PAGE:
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When John Montague, the 18th-century Earl of Sandwich, slapped two slices of bread around a slab of meat, he probably thought he had reached the peak of dining creativity. After all, he succeeded at being able to eat while playing cards.
If you're willing to pull some wild cards of your own, your sandwiches can be far more imaginative.
What's between the 50 pounds of bread you eat each year? If you're tired of turkey, bored by bologna, and had it with ham, think about giving some va-va-va-voom to what you put in your child's brown bag. For that matter, while we're revamping lunch, who says you can't serve gorgeous, healthy sandwiches for supper, too?
Instead of putting a slice of tomato on your grilled cheese, grill your tomato with onions, peppers, zucchini, broccoli, and mushrooms, and then add some shredded cheddar cheese. Put it all on a hoagie roll and you have a sandwich that can rival a Philadelphia cheesesteak.
Veggies are the "in thing." You see them topping pizzas and cooking on the backyard grill.
Have a hankering for a meaty-tasting sandwich tuned to grown-up taste buds? Smother a grilled portobello mushroom with sun-dried tomatoes, olives, wilted spinach, roasted red peppers, and a little bit of crumbled feta cheese on a round, crusty roll.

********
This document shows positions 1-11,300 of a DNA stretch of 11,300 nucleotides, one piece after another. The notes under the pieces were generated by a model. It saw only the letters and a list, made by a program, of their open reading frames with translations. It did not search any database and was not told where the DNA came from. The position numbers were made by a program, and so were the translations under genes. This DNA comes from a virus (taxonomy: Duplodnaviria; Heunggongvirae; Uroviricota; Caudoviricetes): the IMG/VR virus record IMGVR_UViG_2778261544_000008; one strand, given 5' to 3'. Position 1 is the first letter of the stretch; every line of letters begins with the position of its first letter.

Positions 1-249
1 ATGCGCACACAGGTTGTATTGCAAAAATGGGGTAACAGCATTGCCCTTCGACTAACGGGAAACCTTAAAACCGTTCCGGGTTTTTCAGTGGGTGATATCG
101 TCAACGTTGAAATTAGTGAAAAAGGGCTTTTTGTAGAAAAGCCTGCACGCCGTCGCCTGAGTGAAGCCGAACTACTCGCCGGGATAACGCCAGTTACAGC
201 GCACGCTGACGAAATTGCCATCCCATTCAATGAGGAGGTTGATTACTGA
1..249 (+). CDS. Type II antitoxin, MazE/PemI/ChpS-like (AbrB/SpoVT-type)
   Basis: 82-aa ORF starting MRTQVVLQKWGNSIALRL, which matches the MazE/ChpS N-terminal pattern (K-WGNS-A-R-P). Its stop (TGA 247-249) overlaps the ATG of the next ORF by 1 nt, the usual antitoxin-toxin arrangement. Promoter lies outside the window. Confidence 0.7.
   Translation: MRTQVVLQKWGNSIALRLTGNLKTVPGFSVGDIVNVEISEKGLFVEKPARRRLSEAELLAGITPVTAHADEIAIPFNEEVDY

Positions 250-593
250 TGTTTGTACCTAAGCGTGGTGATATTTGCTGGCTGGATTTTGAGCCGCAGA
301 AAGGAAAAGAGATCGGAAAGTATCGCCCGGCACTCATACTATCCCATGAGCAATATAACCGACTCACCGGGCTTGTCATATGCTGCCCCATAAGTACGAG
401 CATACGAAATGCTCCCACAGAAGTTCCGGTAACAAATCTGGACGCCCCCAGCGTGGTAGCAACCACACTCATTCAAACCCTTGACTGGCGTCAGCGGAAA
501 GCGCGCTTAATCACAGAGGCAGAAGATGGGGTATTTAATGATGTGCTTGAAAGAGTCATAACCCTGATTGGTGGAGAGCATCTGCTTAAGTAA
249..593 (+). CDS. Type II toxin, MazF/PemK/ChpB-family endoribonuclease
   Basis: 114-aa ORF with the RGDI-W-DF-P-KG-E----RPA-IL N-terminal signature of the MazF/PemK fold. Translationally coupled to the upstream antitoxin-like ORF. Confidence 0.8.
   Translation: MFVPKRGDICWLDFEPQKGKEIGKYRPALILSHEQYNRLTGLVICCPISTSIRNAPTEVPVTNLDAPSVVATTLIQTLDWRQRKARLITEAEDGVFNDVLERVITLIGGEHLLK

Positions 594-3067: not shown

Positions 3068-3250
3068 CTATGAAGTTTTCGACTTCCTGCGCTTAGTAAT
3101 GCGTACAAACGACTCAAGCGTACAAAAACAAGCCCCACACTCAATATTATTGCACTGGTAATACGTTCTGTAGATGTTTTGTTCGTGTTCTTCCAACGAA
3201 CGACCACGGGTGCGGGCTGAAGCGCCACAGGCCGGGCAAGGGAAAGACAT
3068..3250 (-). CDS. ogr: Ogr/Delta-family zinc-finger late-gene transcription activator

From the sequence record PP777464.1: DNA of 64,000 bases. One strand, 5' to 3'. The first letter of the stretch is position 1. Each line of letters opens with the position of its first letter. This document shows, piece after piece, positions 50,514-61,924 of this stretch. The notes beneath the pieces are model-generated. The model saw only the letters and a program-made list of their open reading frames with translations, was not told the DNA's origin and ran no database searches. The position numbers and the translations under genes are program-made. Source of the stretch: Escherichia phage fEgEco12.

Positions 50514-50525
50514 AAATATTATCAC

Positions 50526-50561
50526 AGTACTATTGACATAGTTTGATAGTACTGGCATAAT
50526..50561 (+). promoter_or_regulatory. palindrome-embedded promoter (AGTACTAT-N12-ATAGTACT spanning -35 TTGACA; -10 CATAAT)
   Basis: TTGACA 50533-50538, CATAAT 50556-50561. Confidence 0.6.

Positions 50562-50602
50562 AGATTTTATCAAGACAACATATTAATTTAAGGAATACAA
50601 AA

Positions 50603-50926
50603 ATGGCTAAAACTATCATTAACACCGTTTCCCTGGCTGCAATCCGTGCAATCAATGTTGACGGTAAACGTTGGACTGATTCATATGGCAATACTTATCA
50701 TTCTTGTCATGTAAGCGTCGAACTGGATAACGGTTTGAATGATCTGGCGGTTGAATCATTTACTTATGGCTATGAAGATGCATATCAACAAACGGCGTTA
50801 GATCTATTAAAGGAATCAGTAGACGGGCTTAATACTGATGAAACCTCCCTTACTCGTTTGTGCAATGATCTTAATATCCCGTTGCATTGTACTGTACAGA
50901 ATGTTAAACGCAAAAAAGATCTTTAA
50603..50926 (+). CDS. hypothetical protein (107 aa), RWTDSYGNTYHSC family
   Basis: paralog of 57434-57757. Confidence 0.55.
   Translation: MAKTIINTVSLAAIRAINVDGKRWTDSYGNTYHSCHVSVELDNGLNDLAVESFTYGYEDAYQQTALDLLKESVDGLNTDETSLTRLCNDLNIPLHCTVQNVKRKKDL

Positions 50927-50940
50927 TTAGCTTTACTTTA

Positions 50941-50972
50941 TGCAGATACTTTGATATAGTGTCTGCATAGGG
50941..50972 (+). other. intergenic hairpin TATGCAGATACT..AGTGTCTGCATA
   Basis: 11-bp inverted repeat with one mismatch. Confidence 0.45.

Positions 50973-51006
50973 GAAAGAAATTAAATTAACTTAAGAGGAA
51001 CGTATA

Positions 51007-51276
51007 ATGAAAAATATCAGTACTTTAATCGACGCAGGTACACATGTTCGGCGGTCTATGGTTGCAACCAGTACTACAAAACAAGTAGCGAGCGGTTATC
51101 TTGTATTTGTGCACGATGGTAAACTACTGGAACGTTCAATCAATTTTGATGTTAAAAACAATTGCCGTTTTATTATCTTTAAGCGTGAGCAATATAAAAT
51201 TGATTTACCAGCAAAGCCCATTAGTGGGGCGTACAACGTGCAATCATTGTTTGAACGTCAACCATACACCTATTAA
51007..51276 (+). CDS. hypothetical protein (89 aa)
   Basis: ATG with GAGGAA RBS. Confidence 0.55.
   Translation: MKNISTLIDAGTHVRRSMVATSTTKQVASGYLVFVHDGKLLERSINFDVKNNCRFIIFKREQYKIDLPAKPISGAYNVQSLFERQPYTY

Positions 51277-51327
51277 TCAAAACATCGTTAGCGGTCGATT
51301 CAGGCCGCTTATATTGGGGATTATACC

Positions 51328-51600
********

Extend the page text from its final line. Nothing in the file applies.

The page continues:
Enhancing sandwiches doesn't have to begin and end with vegetables. If you always make tuna salad with onions and celery, take a chance and toss in some chopped apples and raisins. Try chicken salad with pineapple chunks, or turkey salad with grated carrots on whole-grain bread.
For the child in your life who sniffs at most vegetables, but loves fruit, add grapes to turkey salad, or top a peanut butter sandwich with sliced banana instead of jelly. Try putting some chopped mandarin orange and minced celery in light whipped cream cheese on raisin bread.
Besides what goes into a sandwich is the bread itself. And the biggest thing since sliced bread, which became available commercially in 1930, is the wrap: tortillas and pitas.
Put a chef salad in a pita pocket by chopping a bit of ham, a little turkey, and a bit of Swiss cheese with lettuce, tomato, cucumber, and onion. Dribble in some low-fat ranch dressing and eat with gusto.
By now, you can see the pattern developing: Add vegetables or fruit, subtract fat, but above all, make sandwiches that are bright instead of boring.
Swiss lake dwellers made the first bread around 6000 B.C.
In periods of famine or other calamities throughout history, the governments of the time were quick to protect the people's bread. For instance, during World War I many regulations were passed controlling the bread trade, such as keeping bread fresh for the troops in the trenches, conserving supplies, and stopping waste.